Your blog’s subject content doesn’t need to account for keywords or other SEO practices. You just need to give the general content of your blog a label in this step. For our example, we’ll choose “gluten-free grocery shopping.”

What Are Some Adjectives That Describe Your Subject?

If you watch any Gordon Ramsay cooking show, you’ll notice one thing: he gets people excited about the food they are about to eat using descriptions like “stunning,” “amazing,” and “fantastic.” That’s what you’ve got to do in describing your general content as well. Here are some great descriptors that aren’t always used.


If you pull up a thesaurus, you’ll be able to come up with dozens of different options that you can include with the description of your topic. Choose your favorites from the ones that you’ve found so that you can begin to get people excited about your content. For our example, we’ll choose “incredibly fresh gluten-free grocery shopping.”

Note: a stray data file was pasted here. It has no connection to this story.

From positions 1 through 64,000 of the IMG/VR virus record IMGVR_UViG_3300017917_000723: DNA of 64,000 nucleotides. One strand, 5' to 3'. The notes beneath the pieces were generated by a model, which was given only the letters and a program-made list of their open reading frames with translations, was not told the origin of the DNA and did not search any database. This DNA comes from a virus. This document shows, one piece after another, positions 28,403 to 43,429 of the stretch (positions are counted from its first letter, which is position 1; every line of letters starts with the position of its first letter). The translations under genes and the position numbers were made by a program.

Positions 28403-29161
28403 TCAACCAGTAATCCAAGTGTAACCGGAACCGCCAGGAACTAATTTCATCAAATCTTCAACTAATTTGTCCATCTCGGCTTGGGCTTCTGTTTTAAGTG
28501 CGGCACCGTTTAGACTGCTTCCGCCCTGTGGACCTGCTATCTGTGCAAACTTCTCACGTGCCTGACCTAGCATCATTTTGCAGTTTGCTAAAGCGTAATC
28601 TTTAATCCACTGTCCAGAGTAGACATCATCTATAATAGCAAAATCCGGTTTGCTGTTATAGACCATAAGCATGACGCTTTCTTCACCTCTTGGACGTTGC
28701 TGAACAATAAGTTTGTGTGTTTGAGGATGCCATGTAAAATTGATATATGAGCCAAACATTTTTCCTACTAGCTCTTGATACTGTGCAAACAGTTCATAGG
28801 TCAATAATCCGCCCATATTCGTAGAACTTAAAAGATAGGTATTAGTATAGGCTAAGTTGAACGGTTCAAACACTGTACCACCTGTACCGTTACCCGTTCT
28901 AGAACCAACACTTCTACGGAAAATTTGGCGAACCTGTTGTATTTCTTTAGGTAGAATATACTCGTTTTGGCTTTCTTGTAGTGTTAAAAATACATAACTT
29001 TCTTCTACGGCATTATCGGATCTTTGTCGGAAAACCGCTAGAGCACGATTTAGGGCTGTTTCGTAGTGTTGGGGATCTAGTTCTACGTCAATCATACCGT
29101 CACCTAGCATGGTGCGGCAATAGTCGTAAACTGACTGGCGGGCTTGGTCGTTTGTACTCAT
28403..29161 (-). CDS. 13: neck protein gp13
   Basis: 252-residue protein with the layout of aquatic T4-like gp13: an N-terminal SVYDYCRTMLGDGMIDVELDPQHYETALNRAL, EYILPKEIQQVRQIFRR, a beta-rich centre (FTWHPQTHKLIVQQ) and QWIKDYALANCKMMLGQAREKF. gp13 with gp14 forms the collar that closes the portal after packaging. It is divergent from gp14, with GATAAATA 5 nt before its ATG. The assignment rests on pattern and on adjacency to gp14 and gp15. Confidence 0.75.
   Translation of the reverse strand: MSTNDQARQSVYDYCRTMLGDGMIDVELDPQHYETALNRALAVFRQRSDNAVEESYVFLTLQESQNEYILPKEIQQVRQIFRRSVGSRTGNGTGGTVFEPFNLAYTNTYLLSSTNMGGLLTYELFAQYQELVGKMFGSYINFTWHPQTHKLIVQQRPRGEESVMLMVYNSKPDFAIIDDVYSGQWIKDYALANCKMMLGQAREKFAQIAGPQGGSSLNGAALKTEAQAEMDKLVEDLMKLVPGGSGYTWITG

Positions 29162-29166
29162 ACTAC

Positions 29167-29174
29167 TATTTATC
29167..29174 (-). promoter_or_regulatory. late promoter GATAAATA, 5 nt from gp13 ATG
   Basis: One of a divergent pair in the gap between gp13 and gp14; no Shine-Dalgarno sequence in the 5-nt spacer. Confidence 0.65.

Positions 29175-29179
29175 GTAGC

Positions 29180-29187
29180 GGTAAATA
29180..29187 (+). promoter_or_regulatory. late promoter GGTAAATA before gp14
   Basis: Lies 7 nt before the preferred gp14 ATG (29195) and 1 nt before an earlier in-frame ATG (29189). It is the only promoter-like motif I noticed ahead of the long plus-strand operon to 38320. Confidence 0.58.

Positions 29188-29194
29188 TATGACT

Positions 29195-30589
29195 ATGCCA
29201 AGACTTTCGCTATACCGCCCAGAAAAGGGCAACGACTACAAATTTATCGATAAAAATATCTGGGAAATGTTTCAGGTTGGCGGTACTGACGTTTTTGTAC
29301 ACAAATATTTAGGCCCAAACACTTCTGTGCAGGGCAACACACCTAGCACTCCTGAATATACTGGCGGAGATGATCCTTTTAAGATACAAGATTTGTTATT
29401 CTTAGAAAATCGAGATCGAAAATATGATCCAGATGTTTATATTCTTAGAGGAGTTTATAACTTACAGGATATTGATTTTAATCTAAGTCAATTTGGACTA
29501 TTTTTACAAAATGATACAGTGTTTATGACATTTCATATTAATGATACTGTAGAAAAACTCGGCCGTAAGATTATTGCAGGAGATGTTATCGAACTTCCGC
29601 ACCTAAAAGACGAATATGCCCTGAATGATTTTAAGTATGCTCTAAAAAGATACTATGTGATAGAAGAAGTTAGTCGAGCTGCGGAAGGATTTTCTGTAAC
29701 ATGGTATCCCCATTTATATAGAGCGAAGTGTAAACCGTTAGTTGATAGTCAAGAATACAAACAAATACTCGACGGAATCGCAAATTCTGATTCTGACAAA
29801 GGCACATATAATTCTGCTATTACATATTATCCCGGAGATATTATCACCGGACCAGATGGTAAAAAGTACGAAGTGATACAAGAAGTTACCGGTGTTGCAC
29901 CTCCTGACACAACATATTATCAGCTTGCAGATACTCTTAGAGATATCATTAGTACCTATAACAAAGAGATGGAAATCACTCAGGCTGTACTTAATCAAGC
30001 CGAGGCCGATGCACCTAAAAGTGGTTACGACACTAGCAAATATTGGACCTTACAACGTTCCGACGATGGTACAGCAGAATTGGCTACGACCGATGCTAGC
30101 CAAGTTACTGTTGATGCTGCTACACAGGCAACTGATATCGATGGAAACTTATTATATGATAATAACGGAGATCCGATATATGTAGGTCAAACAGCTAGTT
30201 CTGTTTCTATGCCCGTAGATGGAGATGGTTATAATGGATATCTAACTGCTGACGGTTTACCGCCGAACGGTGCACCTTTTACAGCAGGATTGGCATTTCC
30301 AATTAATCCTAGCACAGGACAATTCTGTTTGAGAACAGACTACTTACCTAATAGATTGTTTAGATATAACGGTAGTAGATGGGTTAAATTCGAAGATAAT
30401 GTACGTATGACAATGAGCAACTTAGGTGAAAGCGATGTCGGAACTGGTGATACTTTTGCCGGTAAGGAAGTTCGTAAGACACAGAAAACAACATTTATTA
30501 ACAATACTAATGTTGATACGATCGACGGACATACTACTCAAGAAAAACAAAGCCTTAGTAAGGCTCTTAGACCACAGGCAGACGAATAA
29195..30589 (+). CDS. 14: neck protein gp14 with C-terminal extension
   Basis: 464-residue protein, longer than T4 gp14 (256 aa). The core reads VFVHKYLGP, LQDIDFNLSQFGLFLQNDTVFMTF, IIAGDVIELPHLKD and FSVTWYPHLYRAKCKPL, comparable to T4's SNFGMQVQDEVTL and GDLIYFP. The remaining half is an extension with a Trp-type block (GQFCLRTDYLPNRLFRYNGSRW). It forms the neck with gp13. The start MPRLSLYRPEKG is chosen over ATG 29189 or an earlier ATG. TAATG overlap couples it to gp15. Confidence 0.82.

What Kind Of Specifics Are You Trying To Offer People?

Your blog needs to address specific issues for it to have value. Just randomly blogging about various topics within your general subject matter isn’t good enough today. You’ve got to find your own niche so that you can offer your expertise. That’s why assigning specifics is so important.

A great way to do this is to think about the nouns that are available within your subject. Nouns are people, places, and things, so they open up a wide variety of specificity for a blog. Breakfasts, meals, recipes, trips, famous people, and home utensils are all examples of nouns that could be used. For our example, we’re choose “incredibly fresh gluten-free grocery shopping strategies.”